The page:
In the summer of 2008, I returned to my home in Kathmandu, Nepal for the first time since arriving in the United States in August 2005. The trip was a very emotional one for me, not just because I was reunited with my family, but because of the state I found my country to be in. The things I loved to do, food I enjoyed at various restaurants, places I was fond of visiting, etc. were all there and had not changed much. However, the population in the city had grown almost three-folds due to the political instability and lack of safety in the rural areas prior to this year's elections, while the city in itself had not grown enough to accommodate this growth. This rise in population had brought about a rise in the number of poor, and it was disheartening to find a copious number of beggars and homeless persons at almost every major part of town.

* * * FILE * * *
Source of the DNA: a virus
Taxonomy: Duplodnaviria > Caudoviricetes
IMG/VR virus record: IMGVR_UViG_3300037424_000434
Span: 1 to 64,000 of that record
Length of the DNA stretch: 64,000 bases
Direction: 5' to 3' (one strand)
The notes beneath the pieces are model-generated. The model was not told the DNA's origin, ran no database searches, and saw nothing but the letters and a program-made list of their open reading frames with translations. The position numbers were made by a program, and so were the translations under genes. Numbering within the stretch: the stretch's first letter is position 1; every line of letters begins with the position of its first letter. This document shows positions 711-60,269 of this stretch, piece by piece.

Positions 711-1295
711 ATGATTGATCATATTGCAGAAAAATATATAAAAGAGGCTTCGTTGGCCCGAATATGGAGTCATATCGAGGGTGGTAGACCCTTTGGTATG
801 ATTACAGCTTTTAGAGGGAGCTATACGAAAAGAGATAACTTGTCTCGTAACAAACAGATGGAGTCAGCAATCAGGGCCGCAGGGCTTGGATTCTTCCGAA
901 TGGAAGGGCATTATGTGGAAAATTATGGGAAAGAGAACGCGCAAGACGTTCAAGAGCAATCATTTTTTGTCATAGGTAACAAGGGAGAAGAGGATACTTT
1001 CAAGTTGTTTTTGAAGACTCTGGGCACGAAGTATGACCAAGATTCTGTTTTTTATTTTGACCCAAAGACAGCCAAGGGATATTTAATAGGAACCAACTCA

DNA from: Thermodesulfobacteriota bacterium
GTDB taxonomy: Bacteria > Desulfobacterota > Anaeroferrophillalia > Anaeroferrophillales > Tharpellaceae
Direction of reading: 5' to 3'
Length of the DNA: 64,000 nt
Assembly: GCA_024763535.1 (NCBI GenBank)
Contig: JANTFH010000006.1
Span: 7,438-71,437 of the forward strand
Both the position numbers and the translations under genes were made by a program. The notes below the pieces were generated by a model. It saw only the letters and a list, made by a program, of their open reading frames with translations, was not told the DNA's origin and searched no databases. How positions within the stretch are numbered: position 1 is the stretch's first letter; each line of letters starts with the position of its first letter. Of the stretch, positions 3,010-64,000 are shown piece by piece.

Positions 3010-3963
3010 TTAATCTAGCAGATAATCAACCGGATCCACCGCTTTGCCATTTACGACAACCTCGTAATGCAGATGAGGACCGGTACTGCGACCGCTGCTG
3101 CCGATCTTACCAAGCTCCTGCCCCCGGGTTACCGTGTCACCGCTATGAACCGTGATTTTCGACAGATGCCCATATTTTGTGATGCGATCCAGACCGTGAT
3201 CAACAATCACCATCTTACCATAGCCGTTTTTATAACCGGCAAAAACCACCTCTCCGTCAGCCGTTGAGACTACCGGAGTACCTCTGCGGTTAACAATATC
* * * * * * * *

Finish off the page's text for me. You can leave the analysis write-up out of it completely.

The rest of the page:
Seeing this, I felt the urge to go on the streets and spend time talking to these people and hearing their stories. So I spent more than half of my time in Nepal doing that. Many of these people encouraged me to take their pictures and hoped that I would be able to share with my 'western' friends those stories of how a majority of my underprivileged countrymen survive today.
My photographs are of those people whose stories I listened to. These are the pictures of people who scrounge for their meals everyday; pictures of children who were abandoned by their families, children who are breadwinners of their families and will starve if they attend school instead of working; pictures of families who live in dire conditions. It was not easy trying to pick out ten photographs for this exhibit, out of the hundreds of pictures that I captured, but I hope that through these photographs I will be able to shed some light on some of the true faces of my country.
Class of 2009